For background on the Madison Identity System, please refer to JMU Policy 1502. Any further questions can be directed to the office of University Communications and Marketing at (540) 568–3712.

Website hosting policy

  • All JMU websites are to be hosted on and content managed by Cascade unless there are technical needs that cannot be fulfilled by those platforms.  These technical needs should be discussed with University Marketing and IT Web before any other platforms are used.  The definition of a "JMU Website" is one that it is maintained predominantly by JMU employees and/or students.
  • Any domains with letters "jmu" in them will have to adhere to the brand guidelines in the website.  If this is not possible, the domain should not have the letters "jmu" in it, and the website should not show itself as an official JMU website.

Reasoning behind the policy

  • By law, there are links that are required to appear on pages, such as Title IX, FOIA, and Annual Security and Fire Safety Report. When the state asks JMU to add or modify a link, it will automatically be seen on all pages on the Cascade system. Sites hosted outside the Cascade system will not receive those updates and JMU would be liable.
  • Cascade templates have centralized and standardized font sizes, color combinations, and usability conventions that are responsive and 508 compliant. If there is a 508 violation, it can be fixed in the centralized codebase and shared with all Cascade templates automatically. Sites hosted outside the Cascade system would have to be fixed individually, at greater expense, and therefore may not be implemented, therefore putting JMU at greater legal risk.
  • Cascade templates have stylistic conventions built in. A third-party hosted site would have to do quite a bit of work to follow the guidelines in to duplicate those styles externally. Often, graphic designers are hired to do this work, which has already been done in Cascade. This redundancy is a misuse of state funds.
  • Cascade pages have a single, centralized Google Analytics account with the ability to automatically email reports daily, weekly, monthly, quarterly, or annually. With dozens of disparate websites, it is much more difficult, or impossible, to centralize analytics data in order to determine overall engagement with JMU’s website presence.
  • Even though some CMS platforms can hook up to JMU's official Google Analytics account, JMU's Cascade platform supports Google Tag Manager, which can do much more than Google Analytics, including pixel placement without any code changes.  Most CMS platforms do not support Google Tag Manager.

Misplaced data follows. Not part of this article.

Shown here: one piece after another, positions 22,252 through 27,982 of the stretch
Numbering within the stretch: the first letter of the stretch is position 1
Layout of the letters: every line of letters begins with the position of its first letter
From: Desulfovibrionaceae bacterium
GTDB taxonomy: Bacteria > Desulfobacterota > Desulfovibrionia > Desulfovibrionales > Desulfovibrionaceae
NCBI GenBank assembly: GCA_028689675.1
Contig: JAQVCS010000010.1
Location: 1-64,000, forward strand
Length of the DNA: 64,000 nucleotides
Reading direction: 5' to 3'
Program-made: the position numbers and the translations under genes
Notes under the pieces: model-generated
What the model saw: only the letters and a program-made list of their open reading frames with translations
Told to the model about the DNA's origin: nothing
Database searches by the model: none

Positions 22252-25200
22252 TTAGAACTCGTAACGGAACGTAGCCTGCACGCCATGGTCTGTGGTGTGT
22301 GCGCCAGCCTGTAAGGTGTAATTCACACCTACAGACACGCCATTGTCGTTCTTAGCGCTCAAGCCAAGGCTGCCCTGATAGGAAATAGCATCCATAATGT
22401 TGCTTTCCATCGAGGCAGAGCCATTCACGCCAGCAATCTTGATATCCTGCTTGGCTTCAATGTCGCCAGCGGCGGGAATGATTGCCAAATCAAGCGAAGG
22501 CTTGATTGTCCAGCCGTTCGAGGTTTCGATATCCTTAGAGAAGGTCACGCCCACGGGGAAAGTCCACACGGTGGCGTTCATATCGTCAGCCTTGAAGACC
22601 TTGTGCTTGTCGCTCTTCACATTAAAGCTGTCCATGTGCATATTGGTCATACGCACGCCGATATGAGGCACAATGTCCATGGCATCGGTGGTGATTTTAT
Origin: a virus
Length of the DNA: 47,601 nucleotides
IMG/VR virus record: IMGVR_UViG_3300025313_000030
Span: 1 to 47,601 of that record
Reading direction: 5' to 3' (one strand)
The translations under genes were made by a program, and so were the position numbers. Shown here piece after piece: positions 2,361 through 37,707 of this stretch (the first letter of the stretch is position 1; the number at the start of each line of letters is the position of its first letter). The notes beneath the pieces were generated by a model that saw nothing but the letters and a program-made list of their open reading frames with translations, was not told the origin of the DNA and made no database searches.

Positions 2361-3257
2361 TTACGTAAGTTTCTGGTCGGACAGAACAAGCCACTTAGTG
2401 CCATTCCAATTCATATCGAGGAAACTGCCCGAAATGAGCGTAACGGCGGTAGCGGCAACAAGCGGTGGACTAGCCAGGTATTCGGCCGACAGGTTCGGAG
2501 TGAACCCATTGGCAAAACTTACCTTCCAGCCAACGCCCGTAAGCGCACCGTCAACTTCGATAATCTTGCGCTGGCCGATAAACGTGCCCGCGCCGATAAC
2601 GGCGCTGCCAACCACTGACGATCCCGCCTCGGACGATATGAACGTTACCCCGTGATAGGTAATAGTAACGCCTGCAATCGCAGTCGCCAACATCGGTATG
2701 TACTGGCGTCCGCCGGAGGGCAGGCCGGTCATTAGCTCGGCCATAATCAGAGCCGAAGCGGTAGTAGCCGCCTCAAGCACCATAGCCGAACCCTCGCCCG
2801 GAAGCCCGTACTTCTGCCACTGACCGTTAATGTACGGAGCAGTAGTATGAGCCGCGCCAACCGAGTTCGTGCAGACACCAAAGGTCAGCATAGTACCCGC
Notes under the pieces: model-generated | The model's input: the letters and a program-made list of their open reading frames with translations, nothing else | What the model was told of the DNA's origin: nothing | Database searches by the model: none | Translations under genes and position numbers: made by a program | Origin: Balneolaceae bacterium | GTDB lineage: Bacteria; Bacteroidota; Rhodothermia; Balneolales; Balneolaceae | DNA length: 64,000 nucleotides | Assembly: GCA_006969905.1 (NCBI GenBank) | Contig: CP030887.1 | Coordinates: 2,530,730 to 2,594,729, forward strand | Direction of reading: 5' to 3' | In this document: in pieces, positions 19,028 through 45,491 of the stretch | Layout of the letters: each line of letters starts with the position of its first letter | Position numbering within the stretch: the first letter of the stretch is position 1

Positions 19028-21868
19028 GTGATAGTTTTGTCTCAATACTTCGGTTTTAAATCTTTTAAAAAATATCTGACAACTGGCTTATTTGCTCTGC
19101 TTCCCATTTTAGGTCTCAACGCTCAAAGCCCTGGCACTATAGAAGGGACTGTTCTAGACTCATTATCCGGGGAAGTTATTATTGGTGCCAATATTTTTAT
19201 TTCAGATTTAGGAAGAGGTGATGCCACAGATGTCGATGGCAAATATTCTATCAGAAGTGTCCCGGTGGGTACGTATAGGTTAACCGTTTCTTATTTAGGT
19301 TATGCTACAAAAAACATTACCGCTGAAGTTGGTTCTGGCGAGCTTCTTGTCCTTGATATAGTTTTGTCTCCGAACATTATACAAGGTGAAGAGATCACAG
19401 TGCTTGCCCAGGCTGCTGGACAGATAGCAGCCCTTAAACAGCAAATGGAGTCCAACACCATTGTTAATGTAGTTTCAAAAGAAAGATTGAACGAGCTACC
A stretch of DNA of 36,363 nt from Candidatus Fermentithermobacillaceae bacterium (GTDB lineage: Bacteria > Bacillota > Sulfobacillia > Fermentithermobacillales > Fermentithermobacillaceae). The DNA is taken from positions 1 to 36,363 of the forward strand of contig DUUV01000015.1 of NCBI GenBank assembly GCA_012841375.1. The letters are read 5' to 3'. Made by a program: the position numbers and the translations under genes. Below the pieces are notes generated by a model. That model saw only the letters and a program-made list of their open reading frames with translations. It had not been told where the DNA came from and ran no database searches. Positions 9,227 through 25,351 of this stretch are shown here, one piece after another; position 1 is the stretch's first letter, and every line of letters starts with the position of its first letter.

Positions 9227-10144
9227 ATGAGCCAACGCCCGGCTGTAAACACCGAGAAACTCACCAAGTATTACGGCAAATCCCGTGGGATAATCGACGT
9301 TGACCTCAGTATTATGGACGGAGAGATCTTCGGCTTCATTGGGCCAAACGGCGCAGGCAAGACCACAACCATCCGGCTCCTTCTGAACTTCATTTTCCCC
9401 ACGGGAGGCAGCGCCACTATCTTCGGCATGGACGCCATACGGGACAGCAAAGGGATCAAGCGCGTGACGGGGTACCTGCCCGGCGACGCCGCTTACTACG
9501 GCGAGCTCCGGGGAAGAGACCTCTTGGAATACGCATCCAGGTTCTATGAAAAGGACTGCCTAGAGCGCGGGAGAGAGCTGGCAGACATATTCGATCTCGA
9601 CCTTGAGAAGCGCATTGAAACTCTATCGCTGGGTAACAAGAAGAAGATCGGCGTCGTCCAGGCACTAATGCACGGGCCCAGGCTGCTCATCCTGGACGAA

• Emergency notification banners appear on all Cascade pages automatically when there is an emergency. JMU is potentially liable if these messages do not appear on its official websites.
  • Having all websites centralized on Cascade allows the University to know exactly what JMU content is out there representing JMU. This allows University Marketing to support content creation if needed.
  • Tests of Cascade content is done weekly to ensure quality. No such automatic testing is available on platforms other than Cascade.
  • All JMU website pages can be searched in a central place, on

Benefits of adhering to the web hosting policy

  • Technical Support from IT
  • Brand support from University Marketing
  • Consistent and professional look with the rest of JMU sites
  • Built-in mobile support
  • Google Analytics reporting (with Google Tag Manager)
  • Better page ranking (being affiliated with
  • Better discoverability (from in-site search)
  • Automatic design updates
  • Automatic feature updates

Website archiving policy

  • In order to improve's search, page-ranking, and overall SEO, sites (first-level directories such as /academics) not maintained for 3 years or more will be considered for archival. Sites will be archived if the content does not have historical significance or if the content could possibly be mixed in with current content and thus weaken site searchability. This second point is the main purpose of making sure the site stays up to date.
  • If a site is archived, the owner of the site will be contacted, if possible, and a redirect set up, if appropriate. The files will be archived by University Marketing, then the directory will be deleted from the webserver.
  • If a site is worthy of historical significance and will yield useful information when searched and the site is not adhering to current design standards, the site could be considered for a migration or archive.
  • Site pages may be archived to the scholarly commons if the content needs to be historically preserved (ie, old issues of "Monty":
  • Site pages may be migrated to the newest design if the content is still useful for the public (ie, Centennial Celebration:

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